It was a spate of attacks that terrorised farming communities in Northamptonshire. Under the cover of darkness, hundreds of sheep and lambs were slaughtered and butchered in fields.
The sheep remains were left scattered around fields for horrified farmers to discover. The meat was most likely destined for the black market.
Between June and October last year, three men from Birmingham stalked the countryside, killing and butchering sheep in order to steal the meat and profit from it. On 27 March, Viorel Manu, Robert Iordan and Florin Nutu were jailed for their crimes.
Their conviction and sentencing brought justice for the farmers whose livelihoods were threatened.
It was made possible by rural communities rallying together, working with Northamptonshire Police on an operation that lasted several months and ended with the trio being caught red-handed.
Crucial intelligence from the public led officers to arrest the gang in the early hours of 7 October on the A14 near Welton, Lincolnshire. Blood-soaked butcher knives and the carcasses of nine sheep were found in the back of their van.
Det Con Jamie Cooper, the lead investigator for Operation Stock, tells Farmers Weekly his team relentlessly built their case which saw the criminals jailed for a total of 11 years.
“We started getting quite a few reports at the same time. What flagged up was what was being left behind,” says the detective.
“Normally, from what farmers were telling me, if someone had stolen a sheep there would be a little bit of blood or a trail, and they would know they had been stolen.
“They are aware it happens. Sometimes it happens around Easter. It can be anyone that does it, they don’t really know. But essentially what [the three men] were doing was killing and slaughtering on site.”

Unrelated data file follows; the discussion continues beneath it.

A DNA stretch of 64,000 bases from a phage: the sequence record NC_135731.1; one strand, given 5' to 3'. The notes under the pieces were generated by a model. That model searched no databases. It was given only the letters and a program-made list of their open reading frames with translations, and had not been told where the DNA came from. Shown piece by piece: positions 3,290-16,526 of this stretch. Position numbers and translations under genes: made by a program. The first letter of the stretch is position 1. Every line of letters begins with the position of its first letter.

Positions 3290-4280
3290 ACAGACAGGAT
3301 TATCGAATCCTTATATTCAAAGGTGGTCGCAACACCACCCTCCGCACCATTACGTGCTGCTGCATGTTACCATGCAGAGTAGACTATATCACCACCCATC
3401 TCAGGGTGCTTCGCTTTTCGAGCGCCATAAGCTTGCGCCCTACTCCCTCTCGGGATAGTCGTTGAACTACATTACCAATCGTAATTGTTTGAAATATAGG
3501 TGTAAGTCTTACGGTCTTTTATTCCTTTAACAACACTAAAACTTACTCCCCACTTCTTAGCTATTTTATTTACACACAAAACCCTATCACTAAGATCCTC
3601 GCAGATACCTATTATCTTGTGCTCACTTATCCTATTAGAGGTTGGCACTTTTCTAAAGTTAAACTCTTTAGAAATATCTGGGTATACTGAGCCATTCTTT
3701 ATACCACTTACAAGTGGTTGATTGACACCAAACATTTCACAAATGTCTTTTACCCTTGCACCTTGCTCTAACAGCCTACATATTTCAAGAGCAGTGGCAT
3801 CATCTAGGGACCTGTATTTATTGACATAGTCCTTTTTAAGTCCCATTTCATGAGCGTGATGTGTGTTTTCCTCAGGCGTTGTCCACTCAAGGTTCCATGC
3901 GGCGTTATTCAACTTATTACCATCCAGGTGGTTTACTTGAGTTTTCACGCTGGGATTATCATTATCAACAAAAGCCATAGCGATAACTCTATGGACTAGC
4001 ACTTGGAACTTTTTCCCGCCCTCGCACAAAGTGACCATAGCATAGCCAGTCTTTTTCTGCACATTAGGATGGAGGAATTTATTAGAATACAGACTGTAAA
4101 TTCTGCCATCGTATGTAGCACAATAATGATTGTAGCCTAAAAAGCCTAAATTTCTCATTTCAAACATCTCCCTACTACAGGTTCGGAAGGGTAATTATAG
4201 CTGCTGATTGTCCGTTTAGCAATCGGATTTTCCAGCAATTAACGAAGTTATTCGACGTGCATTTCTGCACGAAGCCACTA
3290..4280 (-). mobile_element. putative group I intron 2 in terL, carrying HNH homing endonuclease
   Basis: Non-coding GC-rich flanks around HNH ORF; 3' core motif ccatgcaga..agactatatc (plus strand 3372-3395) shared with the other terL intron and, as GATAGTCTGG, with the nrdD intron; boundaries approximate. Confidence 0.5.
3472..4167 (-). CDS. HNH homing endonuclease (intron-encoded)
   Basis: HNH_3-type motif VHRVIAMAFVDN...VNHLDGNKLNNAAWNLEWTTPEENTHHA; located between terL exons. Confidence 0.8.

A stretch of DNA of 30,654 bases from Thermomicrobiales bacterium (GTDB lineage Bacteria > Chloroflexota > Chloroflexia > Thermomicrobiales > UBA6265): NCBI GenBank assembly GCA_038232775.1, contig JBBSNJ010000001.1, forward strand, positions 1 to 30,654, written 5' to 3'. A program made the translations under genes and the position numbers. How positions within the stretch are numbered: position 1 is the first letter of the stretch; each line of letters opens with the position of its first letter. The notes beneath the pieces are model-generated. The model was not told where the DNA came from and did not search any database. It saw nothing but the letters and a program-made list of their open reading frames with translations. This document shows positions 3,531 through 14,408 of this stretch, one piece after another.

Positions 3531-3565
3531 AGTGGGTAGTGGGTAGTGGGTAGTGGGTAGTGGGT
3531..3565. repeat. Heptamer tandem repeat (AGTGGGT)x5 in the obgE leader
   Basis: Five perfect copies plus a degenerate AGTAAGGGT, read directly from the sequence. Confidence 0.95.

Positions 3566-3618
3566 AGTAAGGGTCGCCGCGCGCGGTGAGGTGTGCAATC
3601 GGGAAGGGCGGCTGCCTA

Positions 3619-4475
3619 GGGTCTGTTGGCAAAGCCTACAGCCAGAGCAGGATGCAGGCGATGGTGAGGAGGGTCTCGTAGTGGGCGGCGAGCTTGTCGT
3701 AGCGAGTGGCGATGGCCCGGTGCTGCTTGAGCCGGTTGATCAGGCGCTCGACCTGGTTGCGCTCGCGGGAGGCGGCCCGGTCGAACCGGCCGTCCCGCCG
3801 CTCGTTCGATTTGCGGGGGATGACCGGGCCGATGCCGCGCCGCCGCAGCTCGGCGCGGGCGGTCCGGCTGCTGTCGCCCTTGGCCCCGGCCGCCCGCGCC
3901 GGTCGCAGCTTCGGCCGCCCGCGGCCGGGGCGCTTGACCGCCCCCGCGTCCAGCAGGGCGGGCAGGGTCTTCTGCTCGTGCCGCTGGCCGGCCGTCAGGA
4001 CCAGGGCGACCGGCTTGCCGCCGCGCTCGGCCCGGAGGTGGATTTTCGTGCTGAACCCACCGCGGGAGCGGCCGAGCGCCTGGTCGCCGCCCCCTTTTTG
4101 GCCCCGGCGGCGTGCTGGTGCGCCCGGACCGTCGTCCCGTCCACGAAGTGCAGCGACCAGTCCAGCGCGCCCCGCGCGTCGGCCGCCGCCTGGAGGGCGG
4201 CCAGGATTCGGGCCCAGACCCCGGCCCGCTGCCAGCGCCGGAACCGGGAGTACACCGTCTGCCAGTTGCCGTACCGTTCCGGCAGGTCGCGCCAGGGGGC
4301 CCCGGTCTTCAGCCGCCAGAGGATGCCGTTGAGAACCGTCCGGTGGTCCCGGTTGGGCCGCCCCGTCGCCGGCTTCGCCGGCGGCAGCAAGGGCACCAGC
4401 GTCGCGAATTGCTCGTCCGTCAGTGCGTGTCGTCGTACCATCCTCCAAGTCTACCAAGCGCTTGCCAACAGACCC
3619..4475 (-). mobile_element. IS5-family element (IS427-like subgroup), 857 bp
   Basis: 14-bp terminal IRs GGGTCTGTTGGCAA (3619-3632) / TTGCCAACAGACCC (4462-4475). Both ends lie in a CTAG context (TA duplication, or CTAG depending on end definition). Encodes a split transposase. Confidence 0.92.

The systematic nature of the attacks and their similarities prompted police to launch their operation, with farmers across the county worried that their flock could be next.
Police patrols were increased, with extra officers drafted in and many changing their shift patterns to be available to investigators at the most crucial times, determined by the intelligence they were receiving.
Det Con Cooper explains: “It was quite orderly and set up, which is why we thought it was people that were organised and had some skill and knowledge.
“In some instances, everything was segregated: there were pools of blood in one area, guts in another and then head and fleece in another. It was almost like a processing line. It just seemed organised.
“[Farmers] were sometimes finding makeshift pens. Not all had been kept within the pens, some had managed to get out and a couple [of sheep] were found that were still intact but had had their throats cut.”
As more reports came in, the police were building a picture of how the gang was operating, and the connections between attacks grew stronger.
“We knew what the technique was: slit throat, large pools of blood which would account for the cut across the throat. We thought it has to be the same people,” Det Con Cooper says.
“It was then a case of how many are there, how long has it taken them, what is the time frame?”
Farmers ‘eyes and ears’
To find answers, the police turned to farmers and the wider rural community to be their eyes and ears.
Hundreds of people gave information on suspicious activity, which proved crucial to the success of the investigation.
Det Con Cooper says: “Everything we did was through community interaction and the assistance of farmers. Someone on a daily basis was able to look at that information and do something with it.
“If we received information about vehicles, we would look at them: what type of vehicle is it? We would contact the person who gave us that information… and try and glean as much information about that vehicle.”
The investigating team worked with rural and wildlife officers and the farmers who knew the county well, so when information came in with locations of suspicious activity, they could begin to build up detailed knowledge of the areas.
This was crucial due to the extensive area they were dealing with. Drones were used to help survey large areas quickly.
“We had officers out nightly, checking all the villages for any suspicious vehicles, stopping any suspicious vehicles. There was a lot of proactive work that got done and it was resource intensive,” Det Con Cooper adds.
It was an approach which eventually delivered the crucial arrests on that early October morning last year.
Information from a member of the public about a van seen parked in a lay-by set off alarm bells after the investigators ran a series of checks to establish the movements of the vehicle.